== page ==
Rosatom State Nuclear Energy Corporation is set to build Jordan's first nuclear power station, according to a release from the Russian government. Russian Prime Minister Dmitry Medvedev has approved a draft agreement for the construction and maintenance of the new nuclear station, which will be comprised of two 1,000-megawatt (MW) nuclear reactor units.
With approval of the draft agreement, Jordan and Russia have entered negotiations over electricity pricing in order to reach a final agreement and break ground on the reactors by 2015, according to the Jordan Times. The first unit is anticipated to launch in 2024 and the second in 2026.
In January 2011, Jordan began accepting bids for the construction of its first nuclear power facility, and in 2013 announced Rosatom as the preferred bidder over proposals from France’s AREVA and Canada’s AECL. Jordan's energy officials have cited the safety record of Rosatom's AES92 VVER1000 reactor technology as a key factor in pursuing Russia's bid. Financial benefits are also believed to have played an important role. Under Rosatom’s proposal, the Russian state-owned firm would pay 49 percent of the estimated $10 billion cost of the station while Jordan would pay the remaining 51 percent to retain a majority stake in the nuclear project.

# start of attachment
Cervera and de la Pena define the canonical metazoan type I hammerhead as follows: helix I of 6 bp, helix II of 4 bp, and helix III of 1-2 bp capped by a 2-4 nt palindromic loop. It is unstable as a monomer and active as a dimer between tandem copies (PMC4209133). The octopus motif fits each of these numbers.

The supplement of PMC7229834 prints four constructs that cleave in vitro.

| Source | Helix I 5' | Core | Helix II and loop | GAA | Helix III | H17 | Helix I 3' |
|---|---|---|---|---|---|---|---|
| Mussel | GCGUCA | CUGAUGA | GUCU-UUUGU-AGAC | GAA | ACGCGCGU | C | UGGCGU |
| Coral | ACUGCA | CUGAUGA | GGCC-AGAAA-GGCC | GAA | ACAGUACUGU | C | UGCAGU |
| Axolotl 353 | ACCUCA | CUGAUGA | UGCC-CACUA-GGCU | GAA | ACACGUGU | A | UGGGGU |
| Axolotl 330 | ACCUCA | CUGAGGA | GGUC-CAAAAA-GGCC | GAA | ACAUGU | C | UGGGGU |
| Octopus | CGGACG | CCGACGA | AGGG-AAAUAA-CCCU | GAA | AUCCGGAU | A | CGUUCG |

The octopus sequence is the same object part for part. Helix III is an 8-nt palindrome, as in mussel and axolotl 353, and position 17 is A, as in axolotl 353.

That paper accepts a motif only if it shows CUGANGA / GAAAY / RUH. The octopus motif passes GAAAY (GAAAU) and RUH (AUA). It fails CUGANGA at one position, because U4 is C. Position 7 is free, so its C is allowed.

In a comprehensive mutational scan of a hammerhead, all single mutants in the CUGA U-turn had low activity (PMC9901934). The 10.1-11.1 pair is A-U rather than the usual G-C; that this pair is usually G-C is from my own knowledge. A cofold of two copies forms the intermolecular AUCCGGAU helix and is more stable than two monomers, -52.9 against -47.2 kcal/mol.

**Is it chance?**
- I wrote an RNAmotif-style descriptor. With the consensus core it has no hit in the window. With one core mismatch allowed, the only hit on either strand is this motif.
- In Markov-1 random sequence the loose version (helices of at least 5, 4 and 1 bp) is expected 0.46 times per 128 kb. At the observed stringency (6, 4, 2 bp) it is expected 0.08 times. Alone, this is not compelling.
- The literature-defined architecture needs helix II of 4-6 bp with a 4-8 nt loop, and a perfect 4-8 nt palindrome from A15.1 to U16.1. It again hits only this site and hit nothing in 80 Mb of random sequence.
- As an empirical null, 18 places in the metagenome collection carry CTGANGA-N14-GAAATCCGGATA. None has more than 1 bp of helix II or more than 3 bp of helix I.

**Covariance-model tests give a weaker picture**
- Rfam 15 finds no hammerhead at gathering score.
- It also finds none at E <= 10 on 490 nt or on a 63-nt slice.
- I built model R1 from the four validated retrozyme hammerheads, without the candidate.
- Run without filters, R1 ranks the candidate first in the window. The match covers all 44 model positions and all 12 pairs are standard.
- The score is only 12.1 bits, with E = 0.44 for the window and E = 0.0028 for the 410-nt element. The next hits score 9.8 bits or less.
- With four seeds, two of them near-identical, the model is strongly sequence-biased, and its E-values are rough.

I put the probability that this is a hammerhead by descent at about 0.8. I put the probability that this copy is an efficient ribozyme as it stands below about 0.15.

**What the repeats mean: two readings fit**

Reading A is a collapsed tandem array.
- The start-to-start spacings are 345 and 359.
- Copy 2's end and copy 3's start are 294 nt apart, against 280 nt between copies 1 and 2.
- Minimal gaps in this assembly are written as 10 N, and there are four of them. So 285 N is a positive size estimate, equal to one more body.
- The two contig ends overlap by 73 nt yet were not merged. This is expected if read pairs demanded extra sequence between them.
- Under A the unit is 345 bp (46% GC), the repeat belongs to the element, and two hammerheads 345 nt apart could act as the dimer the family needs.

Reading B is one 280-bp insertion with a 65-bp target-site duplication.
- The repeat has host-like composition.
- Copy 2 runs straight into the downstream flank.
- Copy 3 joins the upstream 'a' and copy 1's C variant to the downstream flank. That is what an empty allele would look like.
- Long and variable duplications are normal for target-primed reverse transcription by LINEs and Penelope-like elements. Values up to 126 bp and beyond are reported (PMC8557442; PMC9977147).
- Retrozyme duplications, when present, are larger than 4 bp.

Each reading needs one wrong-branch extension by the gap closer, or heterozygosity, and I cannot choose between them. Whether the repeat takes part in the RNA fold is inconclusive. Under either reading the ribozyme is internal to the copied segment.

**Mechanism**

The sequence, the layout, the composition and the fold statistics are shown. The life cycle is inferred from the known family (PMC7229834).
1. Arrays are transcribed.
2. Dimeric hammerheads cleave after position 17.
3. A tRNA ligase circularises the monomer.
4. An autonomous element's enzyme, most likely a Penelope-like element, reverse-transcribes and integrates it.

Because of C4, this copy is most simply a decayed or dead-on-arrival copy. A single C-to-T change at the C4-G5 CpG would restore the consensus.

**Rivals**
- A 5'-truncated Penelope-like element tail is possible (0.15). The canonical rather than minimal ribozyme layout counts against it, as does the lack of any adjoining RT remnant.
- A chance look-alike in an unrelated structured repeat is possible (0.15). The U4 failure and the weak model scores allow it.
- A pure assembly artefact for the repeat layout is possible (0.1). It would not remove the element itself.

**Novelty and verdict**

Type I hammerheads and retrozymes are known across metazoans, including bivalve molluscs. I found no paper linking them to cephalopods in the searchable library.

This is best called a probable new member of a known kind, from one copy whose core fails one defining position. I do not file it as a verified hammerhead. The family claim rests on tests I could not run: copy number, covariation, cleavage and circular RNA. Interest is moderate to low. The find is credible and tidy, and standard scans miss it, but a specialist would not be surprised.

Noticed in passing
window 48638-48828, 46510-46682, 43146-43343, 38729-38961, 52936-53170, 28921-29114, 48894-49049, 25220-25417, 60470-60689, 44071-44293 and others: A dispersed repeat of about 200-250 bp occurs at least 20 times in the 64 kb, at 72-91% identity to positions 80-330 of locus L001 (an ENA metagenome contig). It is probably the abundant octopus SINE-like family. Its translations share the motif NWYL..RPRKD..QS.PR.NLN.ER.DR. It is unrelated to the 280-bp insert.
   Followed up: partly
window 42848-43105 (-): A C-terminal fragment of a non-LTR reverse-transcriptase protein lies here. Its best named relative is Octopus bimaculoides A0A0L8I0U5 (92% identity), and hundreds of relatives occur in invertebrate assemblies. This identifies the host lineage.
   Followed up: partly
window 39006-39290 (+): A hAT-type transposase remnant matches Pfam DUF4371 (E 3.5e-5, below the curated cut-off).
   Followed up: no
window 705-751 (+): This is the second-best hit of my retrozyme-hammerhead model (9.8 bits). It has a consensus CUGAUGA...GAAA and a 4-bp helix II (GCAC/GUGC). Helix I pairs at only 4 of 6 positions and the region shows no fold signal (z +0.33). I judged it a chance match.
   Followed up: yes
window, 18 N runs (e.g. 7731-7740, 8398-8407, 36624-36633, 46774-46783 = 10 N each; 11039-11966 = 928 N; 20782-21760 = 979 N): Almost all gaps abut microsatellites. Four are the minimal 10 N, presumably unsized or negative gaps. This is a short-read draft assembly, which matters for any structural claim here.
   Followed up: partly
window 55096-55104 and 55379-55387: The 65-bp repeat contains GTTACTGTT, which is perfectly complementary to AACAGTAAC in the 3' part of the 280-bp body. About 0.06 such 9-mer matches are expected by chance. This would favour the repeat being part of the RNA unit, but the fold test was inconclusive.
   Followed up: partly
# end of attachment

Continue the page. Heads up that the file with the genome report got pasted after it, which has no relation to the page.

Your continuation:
Jordan’s nuclear project is aimed at increasing the nation’s energy independence and stabilizing energy supplies. Jordan currently imports 95 percent of its energy, according to the World Nuclear Association. The energy it generates itself is mainly from oil and diesel fuel, though historically it has also produced a large amount of power from natural gas.